As a result, he said, a Virginian is not nearly as simple to define as, say, a denizen of Vermont. Yet, Republicans are pushing McAuliffe as an outsider, he said, because the campaign “is already notable for its negativity. We’re talking about October-level hostility, and it’s only May.”
“Both candidates are looking for anything they can possibly say that will undermine the opposition,” Farnsworth said.
Even within Republican circles, disagreement exists over whether to make an issue out of McAuliffe’s ties to Virginia.
Boyd Marcus, a Republican political consultant who advises Lt. Gov. Bill Bolling, said McAuliffe’s relationship with former president Bill Clinton and his history as a national Democratic operative are more fruitful targets.
“He has gone through a lot of Democratic and nonpartisan meetings over the past four years,” Marcus said. “He has been around the state. He stayed after he lost.”
Among the first to cast McAuliffe as a political interloper were his fellow Democrats, including Brian Moran, with whom he competed for the party’s nomination in 2009. At the time, Moran told a reporter that there was “no reason to perceive” McAuliffe “as a Virginia Democrat.”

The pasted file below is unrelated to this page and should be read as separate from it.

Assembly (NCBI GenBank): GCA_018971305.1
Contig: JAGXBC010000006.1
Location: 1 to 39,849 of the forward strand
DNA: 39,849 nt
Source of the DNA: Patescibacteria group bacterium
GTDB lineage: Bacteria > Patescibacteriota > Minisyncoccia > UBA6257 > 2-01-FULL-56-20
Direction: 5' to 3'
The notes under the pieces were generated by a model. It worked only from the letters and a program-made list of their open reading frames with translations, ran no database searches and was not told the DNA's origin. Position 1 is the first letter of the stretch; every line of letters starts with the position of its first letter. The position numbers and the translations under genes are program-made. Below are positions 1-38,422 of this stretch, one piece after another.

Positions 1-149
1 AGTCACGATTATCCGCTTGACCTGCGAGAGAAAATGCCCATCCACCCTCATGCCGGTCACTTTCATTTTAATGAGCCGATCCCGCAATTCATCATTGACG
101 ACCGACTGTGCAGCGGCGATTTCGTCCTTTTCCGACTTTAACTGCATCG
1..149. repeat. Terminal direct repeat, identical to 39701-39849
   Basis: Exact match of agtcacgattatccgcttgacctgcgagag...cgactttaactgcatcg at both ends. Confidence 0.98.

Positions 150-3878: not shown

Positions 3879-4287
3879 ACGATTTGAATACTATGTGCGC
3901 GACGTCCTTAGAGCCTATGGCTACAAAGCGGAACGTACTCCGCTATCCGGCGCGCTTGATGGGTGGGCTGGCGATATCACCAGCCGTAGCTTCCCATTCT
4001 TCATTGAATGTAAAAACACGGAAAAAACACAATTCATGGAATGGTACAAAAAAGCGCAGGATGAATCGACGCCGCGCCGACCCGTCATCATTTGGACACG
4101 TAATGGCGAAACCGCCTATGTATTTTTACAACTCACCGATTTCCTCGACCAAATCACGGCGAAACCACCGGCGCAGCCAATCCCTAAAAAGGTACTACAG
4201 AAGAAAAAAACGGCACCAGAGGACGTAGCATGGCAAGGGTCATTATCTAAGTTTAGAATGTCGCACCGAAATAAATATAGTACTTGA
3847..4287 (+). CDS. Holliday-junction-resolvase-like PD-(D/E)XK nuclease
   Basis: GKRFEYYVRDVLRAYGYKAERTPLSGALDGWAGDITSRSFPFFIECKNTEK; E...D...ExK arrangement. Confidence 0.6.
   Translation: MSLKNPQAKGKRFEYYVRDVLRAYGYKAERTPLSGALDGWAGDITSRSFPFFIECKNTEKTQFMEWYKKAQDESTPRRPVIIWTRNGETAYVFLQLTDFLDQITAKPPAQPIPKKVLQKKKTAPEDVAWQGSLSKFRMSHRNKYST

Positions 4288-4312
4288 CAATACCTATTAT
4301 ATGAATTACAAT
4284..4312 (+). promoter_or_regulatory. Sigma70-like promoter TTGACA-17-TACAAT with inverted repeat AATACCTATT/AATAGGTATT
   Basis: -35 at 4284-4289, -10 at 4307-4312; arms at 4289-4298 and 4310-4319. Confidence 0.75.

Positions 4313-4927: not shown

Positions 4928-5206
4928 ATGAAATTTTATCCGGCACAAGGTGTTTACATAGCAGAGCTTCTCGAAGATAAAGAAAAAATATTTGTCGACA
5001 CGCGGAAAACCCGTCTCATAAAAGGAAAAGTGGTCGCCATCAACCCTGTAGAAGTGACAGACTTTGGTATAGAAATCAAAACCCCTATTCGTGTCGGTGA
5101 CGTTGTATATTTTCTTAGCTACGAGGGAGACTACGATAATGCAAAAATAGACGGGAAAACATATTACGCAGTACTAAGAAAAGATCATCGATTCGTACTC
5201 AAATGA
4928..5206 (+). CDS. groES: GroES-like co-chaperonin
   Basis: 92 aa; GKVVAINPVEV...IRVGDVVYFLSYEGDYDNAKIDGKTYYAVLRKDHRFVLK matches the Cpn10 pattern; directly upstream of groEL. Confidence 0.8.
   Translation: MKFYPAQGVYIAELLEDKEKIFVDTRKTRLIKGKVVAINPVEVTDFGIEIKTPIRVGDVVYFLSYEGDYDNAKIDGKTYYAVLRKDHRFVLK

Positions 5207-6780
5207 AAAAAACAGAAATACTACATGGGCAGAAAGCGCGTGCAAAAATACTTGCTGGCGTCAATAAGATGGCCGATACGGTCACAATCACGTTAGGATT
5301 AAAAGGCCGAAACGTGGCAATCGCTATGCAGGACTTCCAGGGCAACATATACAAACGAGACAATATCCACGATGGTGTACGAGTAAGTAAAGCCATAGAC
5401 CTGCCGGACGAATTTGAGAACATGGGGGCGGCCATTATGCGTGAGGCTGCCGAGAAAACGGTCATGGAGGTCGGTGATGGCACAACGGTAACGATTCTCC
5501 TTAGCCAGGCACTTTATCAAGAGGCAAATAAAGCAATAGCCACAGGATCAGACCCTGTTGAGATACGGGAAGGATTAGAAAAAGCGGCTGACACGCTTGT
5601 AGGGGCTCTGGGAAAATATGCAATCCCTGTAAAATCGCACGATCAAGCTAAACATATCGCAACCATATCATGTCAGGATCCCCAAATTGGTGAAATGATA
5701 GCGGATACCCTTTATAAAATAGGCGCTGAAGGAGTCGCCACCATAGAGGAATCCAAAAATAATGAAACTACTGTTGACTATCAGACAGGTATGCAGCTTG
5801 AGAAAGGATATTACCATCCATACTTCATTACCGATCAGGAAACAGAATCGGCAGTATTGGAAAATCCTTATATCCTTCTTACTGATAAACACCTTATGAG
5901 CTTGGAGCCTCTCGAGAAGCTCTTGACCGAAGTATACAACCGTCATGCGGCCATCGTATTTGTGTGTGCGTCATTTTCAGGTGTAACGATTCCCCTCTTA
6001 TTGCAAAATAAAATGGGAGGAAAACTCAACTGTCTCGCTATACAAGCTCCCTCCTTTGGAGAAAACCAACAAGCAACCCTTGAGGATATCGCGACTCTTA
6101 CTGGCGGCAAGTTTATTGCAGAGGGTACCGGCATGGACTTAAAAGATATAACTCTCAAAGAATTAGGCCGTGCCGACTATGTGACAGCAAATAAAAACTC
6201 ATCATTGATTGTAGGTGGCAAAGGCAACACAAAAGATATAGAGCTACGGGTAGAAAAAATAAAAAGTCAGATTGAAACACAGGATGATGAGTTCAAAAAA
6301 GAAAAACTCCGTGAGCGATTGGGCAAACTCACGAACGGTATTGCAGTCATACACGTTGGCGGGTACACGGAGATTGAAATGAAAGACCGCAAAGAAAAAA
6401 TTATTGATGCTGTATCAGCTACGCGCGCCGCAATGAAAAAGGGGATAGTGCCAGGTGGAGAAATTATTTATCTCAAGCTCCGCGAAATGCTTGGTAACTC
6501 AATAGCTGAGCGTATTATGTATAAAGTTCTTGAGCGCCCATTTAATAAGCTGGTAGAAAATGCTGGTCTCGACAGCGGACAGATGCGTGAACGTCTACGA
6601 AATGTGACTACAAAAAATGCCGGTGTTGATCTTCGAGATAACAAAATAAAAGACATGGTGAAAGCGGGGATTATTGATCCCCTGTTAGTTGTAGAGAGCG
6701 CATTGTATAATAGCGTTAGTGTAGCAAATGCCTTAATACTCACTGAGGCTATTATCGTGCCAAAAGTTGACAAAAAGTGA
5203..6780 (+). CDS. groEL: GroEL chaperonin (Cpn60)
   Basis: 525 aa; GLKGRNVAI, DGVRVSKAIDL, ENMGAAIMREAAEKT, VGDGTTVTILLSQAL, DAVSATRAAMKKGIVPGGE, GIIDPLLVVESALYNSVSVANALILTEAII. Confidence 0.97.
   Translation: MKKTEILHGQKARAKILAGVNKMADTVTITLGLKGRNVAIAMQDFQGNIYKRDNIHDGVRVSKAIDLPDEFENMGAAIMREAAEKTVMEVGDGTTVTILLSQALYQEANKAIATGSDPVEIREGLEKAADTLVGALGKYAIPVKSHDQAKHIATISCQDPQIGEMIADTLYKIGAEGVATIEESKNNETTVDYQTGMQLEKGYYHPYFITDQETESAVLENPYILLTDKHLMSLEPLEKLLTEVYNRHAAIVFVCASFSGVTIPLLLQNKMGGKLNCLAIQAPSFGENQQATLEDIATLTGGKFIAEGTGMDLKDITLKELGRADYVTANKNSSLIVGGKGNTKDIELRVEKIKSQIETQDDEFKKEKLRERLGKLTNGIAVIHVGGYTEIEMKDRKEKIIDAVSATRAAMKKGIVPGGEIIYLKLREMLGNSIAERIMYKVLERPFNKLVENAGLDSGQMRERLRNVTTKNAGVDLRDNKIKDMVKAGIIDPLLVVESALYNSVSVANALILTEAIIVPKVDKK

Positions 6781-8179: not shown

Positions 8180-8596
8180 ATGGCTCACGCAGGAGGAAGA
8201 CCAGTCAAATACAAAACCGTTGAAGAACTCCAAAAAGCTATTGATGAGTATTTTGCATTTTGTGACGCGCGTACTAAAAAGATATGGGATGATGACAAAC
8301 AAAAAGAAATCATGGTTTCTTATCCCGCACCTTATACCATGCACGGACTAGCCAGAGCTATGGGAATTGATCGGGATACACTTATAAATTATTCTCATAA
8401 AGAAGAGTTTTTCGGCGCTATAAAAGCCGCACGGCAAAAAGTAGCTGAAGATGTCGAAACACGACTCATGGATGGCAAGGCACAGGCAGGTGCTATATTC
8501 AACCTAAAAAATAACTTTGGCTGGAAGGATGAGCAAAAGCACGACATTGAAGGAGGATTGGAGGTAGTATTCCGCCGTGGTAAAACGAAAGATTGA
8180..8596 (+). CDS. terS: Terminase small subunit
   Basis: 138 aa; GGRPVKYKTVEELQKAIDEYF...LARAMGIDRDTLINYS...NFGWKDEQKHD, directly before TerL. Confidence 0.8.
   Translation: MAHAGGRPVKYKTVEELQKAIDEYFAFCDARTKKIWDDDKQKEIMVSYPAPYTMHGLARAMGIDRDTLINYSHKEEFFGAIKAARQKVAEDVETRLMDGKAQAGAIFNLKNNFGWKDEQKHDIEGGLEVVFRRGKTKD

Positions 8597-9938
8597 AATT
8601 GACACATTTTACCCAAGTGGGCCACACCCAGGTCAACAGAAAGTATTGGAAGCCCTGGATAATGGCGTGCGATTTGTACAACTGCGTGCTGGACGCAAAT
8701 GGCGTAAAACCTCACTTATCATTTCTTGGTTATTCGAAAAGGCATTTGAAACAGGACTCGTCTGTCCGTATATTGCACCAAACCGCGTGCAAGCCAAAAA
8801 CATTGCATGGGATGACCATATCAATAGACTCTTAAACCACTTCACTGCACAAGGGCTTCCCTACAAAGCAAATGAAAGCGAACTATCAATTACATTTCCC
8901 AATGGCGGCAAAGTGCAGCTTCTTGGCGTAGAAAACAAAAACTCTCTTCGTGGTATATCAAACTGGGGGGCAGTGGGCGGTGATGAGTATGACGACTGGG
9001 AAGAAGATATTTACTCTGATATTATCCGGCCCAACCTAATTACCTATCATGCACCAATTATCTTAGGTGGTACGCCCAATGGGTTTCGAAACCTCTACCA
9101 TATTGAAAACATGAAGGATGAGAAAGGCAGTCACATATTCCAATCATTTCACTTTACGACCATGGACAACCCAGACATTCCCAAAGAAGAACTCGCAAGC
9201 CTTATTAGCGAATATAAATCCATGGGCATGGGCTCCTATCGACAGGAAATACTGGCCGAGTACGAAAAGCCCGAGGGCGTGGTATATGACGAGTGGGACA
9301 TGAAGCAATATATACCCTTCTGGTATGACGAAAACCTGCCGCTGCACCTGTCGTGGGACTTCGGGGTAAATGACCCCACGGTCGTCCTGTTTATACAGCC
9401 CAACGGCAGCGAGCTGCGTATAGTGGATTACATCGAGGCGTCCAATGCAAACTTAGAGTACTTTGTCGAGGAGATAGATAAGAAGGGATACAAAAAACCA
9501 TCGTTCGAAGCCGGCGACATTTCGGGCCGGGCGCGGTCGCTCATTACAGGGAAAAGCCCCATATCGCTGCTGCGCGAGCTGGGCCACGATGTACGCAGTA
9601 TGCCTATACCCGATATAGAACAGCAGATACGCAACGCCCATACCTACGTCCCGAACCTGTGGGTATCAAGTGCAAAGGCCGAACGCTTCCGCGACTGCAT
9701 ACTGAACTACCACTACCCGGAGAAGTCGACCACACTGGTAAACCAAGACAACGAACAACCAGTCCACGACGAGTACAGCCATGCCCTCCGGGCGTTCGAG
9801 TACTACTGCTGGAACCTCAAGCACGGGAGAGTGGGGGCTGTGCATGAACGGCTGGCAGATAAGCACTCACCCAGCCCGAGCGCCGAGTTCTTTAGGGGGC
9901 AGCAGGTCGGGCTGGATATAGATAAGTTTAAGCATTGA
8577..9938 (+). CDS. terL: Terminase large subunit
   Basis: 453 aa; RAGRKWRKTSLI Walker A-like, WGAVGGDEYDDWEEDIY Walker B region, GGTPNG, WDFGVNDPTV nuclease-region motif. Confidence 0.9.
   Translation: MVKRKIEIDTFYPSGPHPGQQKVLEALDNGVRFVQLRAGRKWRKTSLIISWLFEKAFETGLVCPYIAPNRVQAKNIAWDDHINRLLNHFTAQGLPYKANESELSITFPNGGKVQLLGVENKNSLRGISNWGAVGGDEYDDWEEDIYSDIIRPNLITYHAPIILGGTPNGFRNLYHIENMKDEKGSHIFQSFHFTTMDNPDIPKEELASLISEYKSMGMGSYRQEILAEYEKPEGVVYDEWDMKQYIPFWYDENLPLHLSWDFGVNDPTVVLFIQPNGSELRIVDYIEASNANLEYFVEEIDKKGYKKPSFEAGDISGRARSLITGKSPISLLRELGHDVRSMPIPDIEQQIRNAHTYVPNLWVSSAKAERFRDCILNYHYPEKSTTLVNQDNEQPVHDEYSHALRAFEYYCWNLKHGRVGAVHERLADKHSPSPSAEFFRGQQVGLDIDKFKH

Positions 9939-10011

“He’s had little involvement — if any — not only in Virginia politics but in Virginia governance,” he said then.
Moran laughed when reminded of his past criticism of McAuliffe. “Four years ago was different,” he said, explaining that McAuliffe had recently left the Democratic National Committee. “He has worked extremely hard to dispel any concerns that people might have regarding his Virginia connections.”
In recent months, Cuccinelli’s campaign has seized on McAuliffe’s fundraising trips to revisit past speculation over his purported interest in running for governor in Florida or New York, despite no hard evidence of his seriousness.
A tweet posted recently by Cuccinelli’s campaign described McAuliffe as “the out-of-state candidate, with out-of-state money.”
When McAuliffe attended a fundraiser in Upstate New York, Cuccinelli's Web site said, “After contemplating a bid to become the governor of New York — his home state — Terry McAuliffe instead decided to just milk his Syracuse pals to fund his gubernatorial campaign in Virginia.”
Schwerin, McAuliffe’s campaign spokesman, said in an e-mail that “over the years, some friends asked him to consider” running for governor elsewhere. But, Schwerin added, “Virginia is where he’s raised his family for 21 years and where he wants his children to stay.”